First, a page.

Christie's in USA Changing its Business Strategy? Offices to Close in Philadelphia, Boston and Palm Beach
Christie’s, the world’s biggest auction house by revenue is about to close its offices in three Unites States cities – Philadelphia, Boston and Palm Beach. A bit sudden and unexpected decision by Christie’s in the USA comes probably as a consequence of house’s changing business strategy. We should remind that, back in January, Christie’s reported a five percent decline in global sales, a statistic that was surprising given a year that saw record prices and new market highs for artists including Amedeo Modigliani ($170.4 million) and Pablo Picasso ($179.4 million). But, is this decline in sales the reason why Christie’s is shutting down its offices? Let’s see what the auction house has to say.
Christie’s Closing Offices in the USA
Christie’s is shutting down offices in Boston, Philadelphia and Palm Beach, Florida. Clients in these regions will be served from the New York office, a spokeswoman for the auction house said in an e-mailed statement, and according to Bloomberg. Christie’s plans to expand investment in the West Coast, the Midwest and Southwest regions, she said. The spokeswoman also added that: As part of our regular business practice, Christie’s continually evaluates its existing business strategy and growth plans to ensure proper alignment to optimize our engagement with new and existing clients. The result will be a focus on a new Christie’s branded space in Beverly Hills to service Southern California while a regional office in Miami will continue to provide best in class service to our clients in the Southeast region and South America.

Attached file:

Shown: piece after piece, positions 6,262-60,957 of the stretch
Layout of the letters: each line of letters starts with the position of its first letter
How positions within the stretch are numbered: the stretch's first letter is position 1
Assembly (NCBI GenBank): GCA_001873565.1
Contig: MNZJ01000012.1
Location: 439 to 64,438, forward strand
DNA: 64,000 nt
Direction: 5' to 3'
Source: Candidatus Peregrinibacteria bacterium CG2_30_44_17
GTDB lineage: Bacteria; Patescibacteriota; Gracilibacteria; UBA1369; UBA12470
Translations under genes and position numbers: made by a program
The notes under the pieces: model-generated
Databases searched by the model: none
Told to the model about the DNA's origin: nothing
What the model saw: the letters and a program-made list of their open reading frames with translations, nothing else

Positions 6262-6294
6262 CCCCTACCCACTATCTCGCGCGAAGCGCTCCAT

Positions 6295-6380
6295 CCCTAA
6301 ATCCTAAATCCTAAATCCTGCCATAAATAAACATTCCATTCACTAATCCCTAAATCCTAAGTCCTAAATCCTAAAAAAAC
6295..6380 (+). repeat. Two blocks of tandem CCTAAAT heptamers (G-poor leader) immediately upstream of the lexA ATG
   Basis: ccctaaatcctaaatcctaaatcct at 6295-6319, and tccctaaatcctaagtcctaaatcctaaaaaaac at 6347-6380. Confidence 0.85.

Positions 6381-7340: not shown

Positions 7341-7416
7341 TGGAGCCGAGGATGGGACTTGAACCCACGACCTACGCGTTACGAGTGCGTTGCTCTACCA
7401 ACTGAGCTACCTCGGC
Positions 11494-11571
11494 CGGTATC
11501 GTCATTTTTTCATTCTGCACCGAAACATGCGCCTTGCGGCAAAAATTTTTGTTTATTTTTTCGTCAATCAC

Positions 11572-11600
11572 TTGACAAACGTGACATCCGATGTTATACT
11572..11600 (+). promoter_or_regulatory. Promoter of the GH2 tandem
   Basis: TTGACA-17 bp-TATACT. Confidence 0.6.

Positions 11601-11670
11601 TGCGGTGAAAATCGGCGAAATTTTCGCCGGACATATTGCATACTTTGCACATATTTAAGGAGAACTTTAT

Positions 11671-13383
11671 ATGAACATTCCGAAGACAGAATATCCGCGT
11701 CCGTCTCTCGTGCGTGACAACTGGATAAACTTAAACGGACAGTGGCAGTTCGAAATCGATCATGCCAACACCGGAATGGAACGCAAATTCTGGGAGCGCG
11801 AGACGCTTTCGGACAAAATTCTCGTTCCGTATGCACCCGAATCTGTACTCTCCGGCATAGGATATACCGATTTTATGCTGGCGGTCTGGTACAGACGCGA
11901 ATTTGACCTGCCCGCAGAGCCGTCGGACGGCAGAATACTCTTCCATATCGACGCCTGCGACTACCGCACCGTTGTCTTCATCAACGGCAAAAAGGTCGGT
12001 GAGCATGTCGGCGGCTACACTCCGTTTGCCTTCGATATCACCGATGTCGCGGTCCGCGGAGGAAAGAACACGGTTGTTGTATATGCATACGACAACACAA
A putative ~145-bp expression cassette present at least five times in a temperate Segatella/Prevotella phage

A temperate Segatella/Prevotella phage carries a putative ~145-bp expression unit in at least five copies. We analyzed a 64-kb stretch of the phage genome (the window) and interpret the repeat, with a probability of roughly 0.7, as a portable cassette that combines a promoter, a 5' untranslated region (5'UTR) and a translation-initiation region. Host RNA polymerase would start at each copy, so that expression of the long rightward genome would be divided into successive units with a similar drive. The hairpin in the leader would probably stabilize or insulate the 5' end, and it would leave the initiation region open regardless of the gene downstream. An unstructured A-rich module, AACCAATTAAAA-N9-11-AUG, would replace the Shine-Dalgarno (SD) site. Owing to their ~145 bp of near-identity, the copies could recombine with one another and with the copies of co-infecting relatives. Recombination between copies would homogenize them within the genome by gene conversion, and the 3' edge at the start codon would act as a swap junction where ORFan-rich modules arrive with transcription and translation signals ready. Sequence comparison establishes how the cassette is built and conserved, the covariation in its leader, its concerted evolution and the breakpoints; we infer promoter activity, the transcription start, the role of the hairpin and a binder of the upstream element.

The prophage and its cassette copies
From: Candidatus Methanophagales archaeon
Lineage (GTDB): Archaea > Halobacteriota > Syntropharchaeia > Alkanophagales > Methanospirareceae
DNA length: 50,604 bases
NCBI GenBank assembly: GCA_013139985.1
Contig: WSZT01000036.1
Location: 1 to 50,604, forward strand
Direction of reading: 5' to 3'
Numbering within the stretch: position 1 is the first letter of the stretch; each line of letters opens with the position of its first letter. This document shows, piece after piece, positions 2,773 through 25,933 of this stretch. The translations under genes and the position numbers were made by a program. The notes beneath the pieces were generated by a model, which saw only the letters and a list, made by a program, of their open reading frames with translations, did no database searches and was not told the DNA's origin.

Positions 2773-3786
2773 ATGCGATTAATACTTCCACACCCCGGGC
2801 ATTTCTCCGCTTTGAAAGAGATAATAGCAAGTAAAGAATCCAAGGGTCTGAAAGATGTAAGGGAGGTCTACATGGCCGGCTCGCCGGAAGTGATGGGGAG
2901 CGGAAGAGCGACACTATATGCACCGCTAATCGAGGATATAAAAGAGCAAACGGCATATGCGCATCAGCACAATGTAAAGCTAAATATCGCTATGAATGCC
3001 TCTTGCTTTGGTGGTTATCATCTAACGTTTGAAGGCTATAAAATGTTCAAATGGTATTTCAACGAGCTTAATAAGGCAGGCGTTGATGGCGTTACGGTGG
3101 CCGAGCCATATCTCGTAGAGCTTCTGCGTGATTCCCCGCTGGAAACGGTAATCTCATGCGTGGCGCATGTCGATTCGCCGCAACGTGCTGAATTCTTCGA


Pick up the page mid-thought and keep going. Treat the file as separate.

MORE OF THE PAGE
Reaction to the Art Market Decline?
OK, we cannot say that Boston, Philadelphia or Palm Beach are major hubs of the contemporary art scene in the United States; however it’s obvious that Christie’s is changing its business strategy. Auction houses (not only Christie’s) are preparing for a slowdown in the art market, with upcoming bellwether sales of Impressionist, modern, postwar and contemporary art expected to be smaller than last year. Christie’s reconfigured the way it is offering categories including Russian art. Sotheby’s eliminated 5 percent of its staff through the buyouts it had offered in November. Cheyenne Westphal, Sotheby’s worldwide head of contemporary art, is set to leave by the end of April after 25 years at the company, being the latest in a series of layoffs announced in November, following the fall sales; co-chairman of Impressionist and Modern art and chairman of its business in Europe, Melanie Clore, left Sotheby’s at the end of February, and so on. The decline of the global art market in 2015 (as reported by TEFAF Art Market Report) influences the business strategy of big auction houses.
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Featured Image: Christie’s via observer.com